Improving Navigation for Blind People in the Developing Countries: A UI/UX Perspective


  • Meghla Mehnaz Rose Universiti Teknologi Malaysia
  • Masitah Ghazali Universiti Teknologi Malaysia



Assistive technology, Disabilities, Qualitative, Legally blind, User-interface, User-experience


Assistive technology (AT) has made many tasks possible for people with disabilities. Unfortunately, almost no technology is developed centered around the blind people of developing countries when it comes to navigating. This study explored blind people's concerns and determined the type of design and interaction of a navigation application that are more convenient and favored by blind users. Qualitative research was used to study the problems faced by blind people of developing countries while navigating. Blind people of two organizations in Bangladesh participated voluntarily in the research. The data obtained were analyzed using thematic analysis of ATLAS.ti. The data indicated that merely traveling with the white cane was not enough and there were a lot of problems faced when going from one place to another. A preference was shown for voice-assisted devices. The data were used to build two types of accessible prototypes with good UX, but different interactions, design, layout, spoken content and audio descriptions. Later, the usability testing was performed to investigate the effectiveness of the two types of prototypes from the UI/UX perspective. The results indicated that there was a greater preference for a layout with more spacing and buttons closer to the hands. Audio descriptions, spoken content and being able to navigate using the application also instills a sense of independence. The study contributes to a better knowledge of design solutions and interactions that legally blind people prefer, and to the creation of navigation tools/apps for the blind, specifically from the developing countries such as Bangladesh.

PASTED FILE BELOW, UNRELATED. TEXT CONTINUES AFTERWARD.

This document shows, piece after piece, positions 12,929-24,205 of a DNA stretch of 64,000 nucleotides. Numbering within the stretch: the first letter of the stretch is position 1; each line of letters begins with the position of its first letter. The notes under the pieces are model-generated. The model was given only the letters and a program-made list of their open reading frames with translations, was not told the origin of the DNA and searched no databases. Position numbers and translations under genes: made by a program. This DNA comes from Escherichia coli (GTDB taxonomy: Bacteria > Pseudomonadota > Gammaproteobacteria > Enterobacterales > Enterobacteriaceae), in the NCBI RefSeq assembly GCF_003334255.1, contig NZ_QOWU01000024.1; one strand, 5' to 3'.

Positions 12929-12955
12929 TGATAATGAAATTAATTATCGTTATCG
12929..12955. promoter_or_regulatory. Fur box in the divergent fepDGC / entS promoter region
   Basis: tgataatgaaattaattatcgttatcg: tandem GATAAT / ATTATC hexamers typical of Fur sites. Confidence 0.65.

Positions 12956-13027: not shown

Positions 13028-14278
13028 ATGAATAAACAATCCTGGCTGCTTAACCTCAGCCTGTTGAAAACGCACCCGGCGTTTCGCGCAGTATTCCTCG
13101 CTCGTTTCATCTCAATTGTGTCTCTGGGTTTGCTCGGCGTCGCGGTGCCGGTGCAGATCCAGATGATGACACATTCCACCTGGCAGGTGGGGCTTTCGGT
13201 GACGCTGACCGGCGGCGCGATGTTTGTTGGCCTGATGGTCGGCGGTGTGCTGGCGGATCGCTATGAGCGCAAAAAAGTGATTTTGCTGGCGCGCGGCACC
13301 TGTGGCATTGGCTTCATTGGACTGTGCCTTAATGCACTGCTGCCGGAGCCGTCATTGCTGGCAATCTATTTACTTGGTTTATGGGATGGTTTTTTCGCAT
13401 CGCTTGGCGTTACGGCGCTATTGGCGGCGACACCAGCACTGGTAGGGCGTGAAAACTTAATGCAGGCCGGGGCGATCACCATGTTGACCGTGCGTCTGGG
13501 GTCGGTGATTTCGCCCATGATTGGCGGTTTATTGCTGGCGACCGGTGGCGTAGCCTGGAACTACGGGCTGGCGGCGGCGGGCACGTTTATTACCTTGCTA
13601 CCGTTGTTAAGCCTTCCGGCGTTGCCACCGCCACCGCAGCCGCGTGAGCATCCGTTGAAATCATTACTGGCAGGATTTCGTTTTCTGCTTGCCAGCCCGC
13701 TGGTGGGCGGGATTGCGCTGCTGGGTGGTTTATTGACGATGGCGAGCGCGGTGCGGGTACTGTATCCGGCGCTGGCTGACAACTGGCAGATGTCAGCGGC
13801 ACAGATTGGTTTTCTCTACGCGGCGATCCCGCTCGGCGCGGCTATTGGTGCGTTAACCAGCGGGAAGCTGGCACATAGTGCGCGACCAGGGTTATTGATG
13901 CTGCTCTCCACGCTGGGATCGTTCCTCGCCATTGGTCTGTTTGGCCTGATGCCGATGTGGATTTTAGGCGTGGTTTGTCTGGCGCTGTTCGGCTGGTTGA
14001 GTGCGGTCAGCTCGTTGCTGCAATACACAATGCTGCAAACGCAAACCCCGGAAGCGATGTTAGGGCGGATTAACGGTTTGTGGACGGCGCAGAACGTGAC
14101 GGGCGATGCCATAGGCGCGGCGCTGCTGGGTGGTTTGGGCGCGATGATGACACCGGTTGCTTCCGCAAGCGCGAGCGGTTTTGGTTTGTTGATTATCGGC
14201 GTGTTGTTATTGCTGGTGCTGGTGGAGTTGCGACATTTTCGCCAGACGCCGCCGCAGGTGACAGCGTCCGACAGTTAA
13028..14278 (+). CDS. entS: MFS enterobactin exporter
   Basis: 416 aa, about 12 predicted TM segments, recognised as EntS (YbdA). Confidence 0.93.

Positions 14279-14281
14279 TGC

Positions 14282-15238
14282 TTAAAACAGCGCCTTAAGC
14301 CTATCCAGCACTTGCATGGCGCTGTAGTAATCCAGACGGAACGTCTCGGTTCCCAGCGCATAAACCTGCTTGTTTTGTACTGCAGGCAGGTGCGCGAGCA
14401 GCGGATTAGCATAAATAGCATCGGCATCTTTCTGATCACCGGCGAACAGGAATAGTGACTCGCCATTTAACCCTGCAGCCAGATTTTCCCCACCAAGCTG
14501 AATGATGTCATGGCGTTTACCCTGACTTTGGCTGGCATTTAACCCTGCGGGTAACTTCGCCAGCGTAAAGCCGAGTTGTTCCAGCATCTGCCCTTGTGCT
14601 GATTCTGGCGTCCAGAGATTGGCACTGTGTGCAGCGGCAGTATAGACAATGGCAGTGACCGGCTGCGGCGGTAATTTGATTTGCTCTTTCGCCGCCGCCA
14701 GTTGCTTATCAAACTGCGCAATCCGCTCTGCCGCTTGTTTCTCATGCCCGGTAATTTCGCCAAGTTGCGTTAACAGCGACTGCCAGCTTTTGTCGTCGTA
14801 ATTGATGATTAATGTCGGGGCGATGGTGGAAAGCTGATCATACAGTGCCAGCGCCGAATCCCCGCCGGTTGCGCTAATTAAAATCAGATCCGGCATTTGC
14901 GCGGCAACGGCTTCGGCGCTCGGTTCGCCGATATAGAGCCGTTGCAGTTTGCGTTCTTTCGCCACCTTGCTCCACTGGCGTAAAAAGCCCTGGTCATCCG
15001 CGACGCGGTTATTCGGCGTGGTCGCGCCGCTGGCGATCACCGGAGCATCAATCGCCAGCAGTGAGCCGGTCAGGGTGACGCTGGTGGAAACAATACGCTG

Author Biographies

Meghla Mehnaz Rose, Universiti Teknologi Malaysia

A fourth year student of UTM, Johor from Bangladesh, with a keen interest in UI/UX and design of accessible technology.

Masitah Ghazali, Universiti Teknologi Malaysia

Masitah is an associate professor at the School of Computing, Universiti Teknologi Malaysia, Masitah teaches courses related to Software Engineering to Computer Science undergraduate students, namely Human-Computer Interaction (HCI), Requirements Engineering and Software Modelling, and Software Quality and Testing. She supervises research students on HCI-related research areas; persuasive technology, physicality, mobile-BCI, that touch upon challenges that currently exist in sustainable behaviour, digital-physical interaction, and emotion detection and expression. With her expertise, she is also a UI/UX advisor for UTMSmart mobile application, UTM Security Dashboard, and UTM COVID-19 interactive website. In addition, she is also a certified tester CTFL and CTAL-TTL, and a certified in requirements engineering CPRE.



How to Cite

Rose, M. M., & Ghazali, M. (2023). Improving Navigation for Blind People in the Developing Countries: A UI/UX Perspective. Journal of Human Centered Technology, 2(1), 1–10.




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